Blue bra graffiti: masterclass Bahia Shebab
Egyptian artist Bahia Shebab will give a masterclass in Leiden on 13 December. She is one of this year's laureates of the Prins Claus Award and has become known for her subversive graffiti. Judith Naeff, lecturer in Cultures of the Middle East, introduces Shebab and calls on students to register for the masterclass.
What makes Bahia Shebab (1977) special?
‘She belongs to a group of young secular activists who played an active role in the Egyptian revolution of 2011. In a repressive society, a protest slogan in the public arena is of great significance. Shebab sprayed a series of graffiti in the streets of Cairo containing the word ‘no’. The series also featured a blue bra in reference to the riot police tearing a woman’s clothes off, revealing her bra. This image has become iconic of the violent repression of the protests.’
The regime from 2011 has gone, clearing the way for another repressive regime. To what extent is Shebab free to do as she wants now?
‘I don’t know and that is precisely the question we want to ask her at the masterclass. Since the revolution of 2011 and the fall of the regime, graffiti has become more dangerous and less is appearing. Shebab works at an American university in Cairo and thus doesn’t work for the Egyptian government. She is also an art historian. In her work she mixes the history of Islamic art with contemporary Arabic politics. It can be seen on the street and in museums. I want to know how she looks back at her work and which role she sees for herself now.’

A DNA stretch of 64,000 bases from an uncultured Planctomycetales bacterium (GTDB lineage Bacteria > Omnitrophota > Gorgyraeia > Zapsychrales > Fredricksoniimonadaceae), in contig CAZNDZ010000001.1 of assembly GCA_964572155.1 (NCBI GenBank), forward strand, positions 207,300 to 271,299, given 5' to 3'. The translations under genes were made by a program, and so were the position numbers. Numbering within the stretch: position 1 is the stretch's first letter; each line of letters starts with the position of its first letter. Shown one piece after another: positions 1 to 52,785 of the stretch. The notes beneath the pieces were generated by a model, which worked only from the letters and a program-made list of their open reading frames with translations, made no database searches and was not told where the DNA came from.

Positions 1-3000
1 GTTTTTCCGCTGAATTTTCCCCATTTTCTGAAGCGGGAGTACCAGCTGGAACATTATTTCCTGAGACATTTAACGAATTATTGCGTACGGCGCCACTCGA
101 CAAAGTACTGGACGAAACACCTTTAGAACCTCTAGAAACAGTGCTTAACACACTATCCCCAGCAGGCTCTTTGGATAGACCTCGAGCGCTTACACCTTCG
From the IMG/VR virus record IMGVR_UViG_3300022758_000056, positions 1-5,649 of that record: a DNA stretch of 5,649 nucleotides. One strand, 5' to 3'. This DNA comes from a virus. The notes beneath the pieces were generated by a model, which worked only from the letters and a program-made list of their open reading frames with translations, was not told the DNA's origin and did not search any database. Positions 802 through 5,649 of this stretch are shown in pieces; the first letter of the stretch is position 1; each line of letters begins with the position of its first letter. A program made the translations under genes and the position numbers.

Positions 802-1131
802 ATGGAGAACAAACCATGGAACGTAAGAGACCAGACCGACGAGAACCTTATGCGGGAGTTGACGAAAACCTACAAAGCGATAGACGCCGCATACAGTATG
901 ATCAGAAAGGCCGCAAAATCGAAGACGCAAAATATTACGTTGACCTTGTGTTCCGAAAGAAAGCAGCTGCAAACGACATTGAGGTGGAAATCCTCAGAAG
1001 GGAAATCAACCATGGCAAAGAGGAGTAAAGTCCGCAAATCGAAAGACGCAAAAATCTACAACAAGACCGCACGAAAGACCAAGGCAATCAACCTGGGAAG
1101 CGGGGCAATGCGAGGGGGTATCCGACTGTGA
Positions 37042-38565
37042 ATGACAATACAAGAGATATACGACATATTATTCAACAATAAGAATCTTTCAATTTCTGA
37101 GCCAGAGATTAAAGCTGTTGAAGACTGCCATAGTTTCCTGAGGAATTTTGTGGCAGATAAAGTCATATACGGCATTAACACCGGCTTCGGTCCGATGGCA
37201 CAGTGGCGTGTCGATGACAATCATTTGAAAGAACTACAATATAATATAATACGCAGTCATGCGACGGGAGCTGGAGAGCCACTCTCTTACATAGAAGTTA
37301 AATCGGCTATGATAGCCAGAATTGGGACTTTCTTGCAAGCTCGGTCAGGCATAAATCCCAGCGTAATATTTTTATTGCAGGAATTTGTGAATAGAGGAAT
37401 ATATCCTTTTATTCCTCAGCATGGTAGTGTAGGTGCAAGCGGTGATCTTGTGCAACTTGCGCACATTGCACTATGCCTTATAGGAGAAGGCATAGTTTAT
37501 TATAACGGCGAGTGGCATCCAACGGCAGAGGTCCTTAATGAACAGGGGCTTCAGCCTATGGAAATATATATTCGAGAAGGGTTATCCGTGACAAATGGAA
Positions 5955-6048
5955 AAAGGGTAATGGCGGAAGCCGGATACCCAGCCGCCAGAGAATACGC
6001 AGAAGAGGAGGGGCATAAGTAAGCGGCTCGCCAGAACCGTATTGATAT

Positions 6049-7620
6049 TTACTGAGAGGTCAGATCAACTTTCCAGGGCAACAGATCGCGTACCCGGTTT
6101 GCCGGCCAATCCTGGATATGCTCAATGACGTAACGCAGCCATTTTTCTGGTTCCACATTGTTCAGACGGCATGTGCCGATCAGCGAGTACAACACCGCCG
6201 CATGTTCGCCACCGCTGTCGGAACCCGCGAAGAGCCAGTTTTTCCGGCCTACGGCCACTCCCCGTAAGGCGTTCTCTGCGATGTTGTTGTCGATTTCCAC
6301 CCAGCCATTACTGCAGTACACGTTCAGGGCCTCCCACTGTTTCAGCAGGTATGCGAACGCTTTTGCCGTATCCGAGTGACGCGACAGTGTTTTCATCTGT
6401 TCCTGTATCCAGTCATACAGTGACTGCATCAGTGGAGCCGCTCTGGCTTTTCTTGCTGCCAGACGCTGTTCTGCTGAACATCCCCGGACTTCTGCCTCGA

What is your role in the masterclass and how does it link to your research?
‘My students and I are preparing questions for Shebab. I also teach an introduction to the visual culture of the Arab Spring. We look at examples of graffiti, videos, posters and cartoons that played an important role because they managed to sway public opinion. It was the graffiti saying ‘The people want to topple the regime’ in the city of Deraa that sparked the civil war in Syria. I have studied cultural expressions in Syria, Lebanon and Egypt. In the masterclass we will analyse the imagery: which metaphors are used and which cultural references made? There are often several layers. Shebab references classical Arabic calligraphy, but others use icons from popular culture, nationalist symbols or portraits of martyrs.’
How can students register for the masterclass?
‘Send a letter to email@example.com explaining why the masterclass fits your studies and interests. The deadline is 9 December. I will send the student participants a couple of articles in preparation. It promises to be an exciting session with a most inspiring guest.’